Abstract:Recent years have witnessed the big data movement throughout all the business sectors. As a result, awareness of the importance of data mining for business is becoming wide spread. However, the big data are usually immense, fine-grained, diversified, dynamic, and sufficiently information-rich in nature, and thus demand a radical change in the philosophy of data analytics. In this talk, we introduce a set of scenarios for understanding and mining of business data in various business sectors. In particular, we will discuss the technical and domain challenges of big data analytics in business environments. The theme to be covered will include (1) the data mining problem formulation in different business applications; (2) the challenging issues of data pre-processing and post-processing in business analytics; (3) how the underlying computational models can be adapted for managing the uncertainties in relation to big data process in a huge nebulous business environment. Finally, we will also show some promising research directions.

Prof Phillip Yu
University of Illinois at Chicago

Title: On Mining Heterogeneous Information Networks
Abstract:The problem of big data has become increasingly importance in recent years. On the one hand, the big data is an asset that potentially can offer tremendous value or reward to the data owner. On the other hand, it poses tremendous challenges to distil the value out of the big data. The very nature of the big data poses challenges not only due to its volume, and velocity of being generated, but also its variety, where variety means the data can be collected from various sources with different formats from structured data to text to network/graph data, etc. In this talk, we focus on the variety issue and discuss the recent development in mining of heterogeneous information networks which can be applied to multiple disciplines, including social network analysis, World-Wide Web, database systems, data mining, machine learning, and networked communication and information systems. We will examine the problem of integration of multiple data sources using heterogeneous information network models. Fusion of multiple social networks will also be considered.

Prof Albert Zomaya
University of Sydney

Title:Resource Management in Cloud Computing Systems
Abstract:The cloud is well known for its elasticity by leveraging abundant resources. Cloud data centres easily host thousands or even millions of multicore servers. Further, these servers are increasingly virtualized for the sake of data centre efficiency. However, the reality is that these resources are often relentlessly exploited particularly to improve applications performance. Although the elasticity facilitates achieving cost efficiency (or the performance to cost ratio), the ultimate efficiency in resource usage (or more broadly data centres) lies in scheduling and resource allocation strategies that explicitly take into account actual resource consumption. The optimization of resource efficiency in clouds is of great practical importance considering its numerous benefits in the economic and environmental sustainability. In this talk, we will discuss resource efficiency in cloud data centres with an example of large-scale distributed processing applications including scientific workflows and MapReduce jobs.

A/Prof Yixin Chen
Washington University

Title:Big Data Algorithms and Clinical Applications
Abstract:In the era of big data, we need novel algorithms on top of the supporting platform. In this talk, I will first discuss some key aspects of big data algorithms in general. Then, I will talk about our recent medical big data project as a case study. Early detection of clinical deterioration is essential to improving clinical outcome. In this project, we develop new algorithms for clinical early warning by mining massive clinical records in hospital databases. The research focuses on the large population of patients in the general hospital wards, who are not in the intensive care units and suffer from infrequent monitoring. I will discuss the challenges this big data application poses to traditional machine learning and data mining algorithms, our recent progress, and the lessons we learnt. Promising results from a formal clinical trial at the Barnes-Jewish Hospital, the teaching hospital of the Washington University School of Medicine, will be discussed.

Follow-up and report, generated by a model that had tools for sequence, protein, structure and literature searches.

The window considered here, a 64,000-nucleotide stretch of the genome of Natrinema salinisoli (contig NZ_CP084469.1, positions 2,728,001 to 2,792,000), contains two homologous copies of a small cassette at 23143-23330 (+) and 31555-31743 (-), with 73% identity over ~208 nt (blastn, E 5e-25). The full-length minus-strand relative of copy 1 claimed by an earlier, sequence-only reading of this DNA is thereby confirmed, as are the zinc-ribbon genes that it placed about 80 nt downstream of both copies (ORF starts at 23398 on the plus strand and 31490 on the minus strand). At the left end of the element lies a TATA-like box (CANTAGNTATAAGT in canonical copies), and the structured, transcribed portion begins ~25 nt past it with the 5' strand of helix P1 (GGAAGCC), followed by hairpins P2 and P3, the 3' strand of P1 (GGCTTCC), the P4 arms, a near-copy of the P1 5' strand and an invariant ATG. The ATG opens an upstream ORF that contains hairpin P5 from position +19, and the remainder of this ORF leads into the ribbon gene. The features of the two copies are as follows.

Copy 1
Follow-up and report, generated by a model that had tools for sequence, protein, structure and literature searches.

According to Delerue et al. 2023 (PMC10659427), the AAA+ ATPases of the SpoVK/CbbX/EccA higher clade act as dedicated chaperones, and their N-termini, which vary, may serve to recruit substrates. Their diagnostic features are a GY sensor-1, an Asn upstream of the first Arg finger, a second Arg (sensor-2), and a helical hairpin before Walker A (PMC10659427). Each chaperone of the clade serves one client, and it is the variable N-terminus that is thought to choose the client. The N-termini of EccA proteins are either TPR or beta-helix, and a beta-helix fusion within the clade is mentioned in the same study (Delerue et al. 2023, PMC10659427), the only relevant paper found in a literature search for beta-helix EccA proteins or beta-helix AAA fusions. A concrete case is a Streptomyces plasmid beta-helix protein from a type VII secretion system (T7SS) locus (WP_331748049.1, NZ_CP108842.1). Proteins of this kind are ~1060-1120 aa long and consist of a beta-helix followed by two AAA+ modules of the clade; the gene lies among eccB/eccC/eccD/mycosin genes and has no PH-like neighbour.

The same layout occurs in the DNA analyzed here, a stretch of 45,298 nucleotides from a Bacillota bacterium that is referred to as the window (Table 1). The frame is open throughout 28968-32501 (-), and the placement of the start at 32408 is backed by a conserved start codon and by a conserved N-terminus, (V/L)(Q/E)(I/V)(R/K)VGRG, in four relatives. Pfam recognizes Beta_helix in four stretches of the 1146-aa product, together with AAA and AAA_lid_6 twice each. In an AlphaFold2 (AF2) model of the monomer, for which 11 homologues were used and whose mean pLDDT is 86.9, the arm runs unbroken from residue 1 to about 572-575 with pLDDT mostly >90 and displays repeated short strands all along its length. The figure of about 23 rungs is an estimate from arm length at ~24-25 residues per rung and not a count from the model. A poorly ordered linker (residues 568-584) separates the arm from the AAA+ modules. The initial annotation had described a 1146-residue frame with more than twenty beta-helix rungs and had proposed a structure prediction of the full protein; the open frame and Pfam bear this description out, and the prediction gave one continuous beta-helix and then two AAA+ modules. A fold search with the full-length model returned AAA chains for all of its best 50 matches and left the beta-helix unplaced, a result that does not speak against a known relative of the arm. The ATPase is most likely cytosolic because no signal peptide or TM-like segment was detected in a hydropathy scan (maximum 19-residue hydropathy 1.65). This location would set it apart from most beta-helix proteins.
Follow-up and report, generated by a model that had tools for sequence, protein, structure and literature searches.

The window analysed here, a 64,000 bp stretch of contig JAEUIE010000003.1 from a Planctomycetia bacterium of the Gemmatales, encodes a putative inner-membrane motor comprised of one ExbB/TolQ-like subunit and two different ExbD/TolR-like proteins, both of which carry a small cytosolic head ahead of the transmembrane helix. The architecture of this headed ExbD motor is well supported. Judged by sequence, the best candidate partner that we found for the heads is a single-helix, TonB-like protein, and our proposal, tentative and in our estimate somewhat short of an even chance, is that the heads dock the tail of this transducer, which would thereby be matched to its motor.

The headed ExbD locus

Prof Yangyong Zhu
Fudan University

Title:Defining Data Science.
Abstract:In the age of big data, data science has become a hot occupation, supplanting traditional information science and big data engineering. This may indicate that data science has become its own branch of research. The term “data science” first appeared in CODATA Data Science Journal in 1990. So far, it has had several different interpretations. This talk aims to address what goals data science should seek to meet, and what data science itself is. We will present key connotations of data science: the first is the study of data itself. Its goal is to explore datanature and scientific issues related to datanature. The second is the study of the rules of the natural world as reflected by data, i.e., the study the natural world performed through the study of data.

Prof Zhi-Hua Zhou
Nanjinf University

Title:Learning with Big Data by Incremental Optimization of Performance Measures
Abstract: A popular approach to achieve a strong learning system is to take the performance measure that will be used for evaluation as an optimization target, and then accomplish the learning task by an optimization procedure. Many performance measures in machine learning, however, are unfortunately non-linear, non-smooth and non-convex, leading to difficult optimization problems. With big data, the optimization becomes even more challenging because of the concerns of computational, storage, communication costs, etc. Particularly, it becomes almost impossible to collect all data at first and then perform optimization, and it is desired to be able to optimize performance measures incrementally, without accessing the whole data. In this talk we will introduce some studies along this direction.